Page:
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Proceeds of Crime (Anti Money Laundering)

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					Proceeds of Crime (Anti Money Laundering) This Organisation’s and Your Own Personal Responsibilities Purpose These notes are important. They are designed to help you familiarise yourself with the legal and regulatory requirements relating to money laundering, as they affect both the organisation and you personally. What is Money Laundering? Money Laundering is the term used for a number of offences involving the proceeds of crime or terrorist funds. The following acts constitute the act of money laundering: • Concealing, disguising, converting, transferring or removing criminal property from England and Wales, or from Scotland, or from Northern Ireland. Becoming concerned in an arrangement in which someone knowingly suspects or facilitates the acquisition, retention, use or control of criminal property by or on behalf of another person. Acquiring, using or possessing criminal property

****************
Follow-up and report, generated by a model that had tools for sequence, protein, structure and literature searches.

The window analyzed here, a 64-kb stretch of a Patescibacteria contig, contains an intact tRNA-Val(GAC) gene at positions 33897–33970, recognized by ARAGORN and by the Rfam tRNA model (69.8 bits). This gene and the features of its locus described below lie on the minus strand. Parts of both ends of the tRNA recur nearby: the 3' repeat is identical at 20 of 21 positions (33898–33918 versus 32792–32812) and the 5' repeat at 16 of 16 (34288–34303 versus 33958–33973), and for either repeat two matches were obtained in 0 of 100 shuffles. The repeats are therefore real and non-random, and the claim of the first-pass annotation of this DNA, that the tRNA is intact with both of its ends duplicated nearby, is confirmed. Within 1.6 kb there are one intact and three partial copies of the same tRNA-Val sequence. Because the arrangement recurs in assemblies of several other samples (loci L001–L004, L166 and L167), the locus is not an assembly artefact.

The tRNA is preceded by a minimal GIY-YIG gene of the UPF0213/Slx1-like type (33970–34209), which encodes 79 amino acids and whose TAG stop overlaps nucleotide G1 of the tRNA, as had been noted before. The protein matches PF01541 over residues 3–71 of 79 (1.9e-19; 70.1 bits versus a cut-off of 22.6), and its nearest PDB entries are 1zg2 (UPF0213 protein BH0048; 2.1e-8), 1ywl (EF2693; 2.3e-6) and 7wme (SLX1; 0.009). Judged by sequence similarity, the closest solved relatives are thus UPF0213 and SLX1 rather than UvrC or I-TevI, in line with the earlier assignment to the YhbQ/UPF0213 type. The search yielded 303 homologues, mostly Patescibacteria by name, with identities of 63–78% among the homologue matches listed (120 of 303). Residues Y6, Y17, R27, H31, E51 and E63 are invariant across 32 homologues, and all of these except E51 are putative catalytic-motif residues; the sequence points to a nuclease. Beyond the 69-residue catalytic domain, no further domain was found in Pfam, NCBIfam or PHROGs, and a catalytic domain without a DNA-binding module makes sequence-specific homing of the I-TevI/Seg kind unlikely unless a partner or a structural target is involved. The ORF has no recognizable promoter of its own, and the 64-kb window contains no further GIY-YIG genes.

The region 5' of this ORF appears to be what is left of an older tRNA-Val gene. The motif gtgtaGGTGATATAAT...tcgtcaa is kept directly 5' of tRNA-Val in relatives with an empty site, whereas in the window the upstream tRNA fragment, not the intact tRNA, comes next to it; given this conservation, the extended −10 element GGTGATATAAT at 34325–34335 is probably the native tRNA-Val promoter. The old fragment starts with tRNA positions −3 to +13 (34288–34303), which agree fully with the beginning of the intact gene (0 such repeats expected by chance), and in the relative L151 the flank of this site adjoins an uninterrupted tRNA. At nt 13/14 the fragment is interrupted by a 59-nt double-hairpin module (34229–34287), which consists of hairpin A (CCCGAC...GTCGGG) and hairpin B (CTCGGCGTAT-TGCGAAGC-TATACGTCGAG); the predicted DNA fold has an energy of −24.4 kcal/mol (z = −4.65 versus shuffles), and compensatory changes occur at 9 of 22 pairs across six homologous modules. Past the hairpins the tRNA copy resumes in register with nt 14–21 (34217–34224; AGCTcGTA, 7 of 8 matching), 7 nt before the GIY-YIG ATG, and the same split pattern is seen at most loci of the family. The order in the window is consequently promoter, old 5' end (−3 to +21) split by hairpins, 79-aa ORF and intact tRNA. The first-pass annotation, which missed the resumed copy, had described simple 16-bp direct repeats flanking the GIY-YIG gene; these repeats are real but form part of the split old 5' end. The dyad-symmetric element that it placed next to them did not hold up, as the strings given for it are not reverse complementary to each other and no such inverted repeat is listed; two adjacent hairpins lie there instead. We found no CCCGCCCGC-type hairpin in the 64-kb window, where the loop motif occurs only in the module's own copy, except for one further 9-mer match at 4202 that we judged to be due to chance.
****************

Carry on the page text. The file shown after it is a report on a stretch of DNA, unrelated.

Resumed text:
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Although the term ‘money laundering’ is generally used when describing the activities of organised crime – for which the legislation and regulations were first and foremost introduced – to most people who are likely to come across it, or be affected by it, it involves a suspicion that someone they know, or know of, is financially benefiting from dishonest activities. Criminal property is defined very widely in the law relating to money laundering. It includes not only the proceeds of crime committed by somebody else, but also possession of the proceeds of an individual’s own crime – for example, the retention of monies from non-payment of income tax. It does not matter how small the amount of money involved is. It also includes the proceeds of crimes that take place abroad. What laws exist to control Money Laundering? In recent years, new laws have been passed which shift significantly the burden for identifying acts of money laundering away from government agencies and more towards organisations and their employees. They prescribe potentially very heavy penalties, including imprisonment, for those who are convicted of breaking the law. These laws are important, and, for those who wish to refer to them, and we hope you will, a list of them appear at the end of these notes, together with a list of useful websites. What is this Organisation’s policy on Money Laundering? Our policy is to do all we can to prevent, wherever possible, the organisation and its staff being exposed to money laundering, to identify the potential areas where it may occur and to comply with all legal and regulatory requirements, especially with regard to the reporting of actual or suspected cases. We cannot stress too strongly however, that it is every member of staff’s responsibility to be vigilant.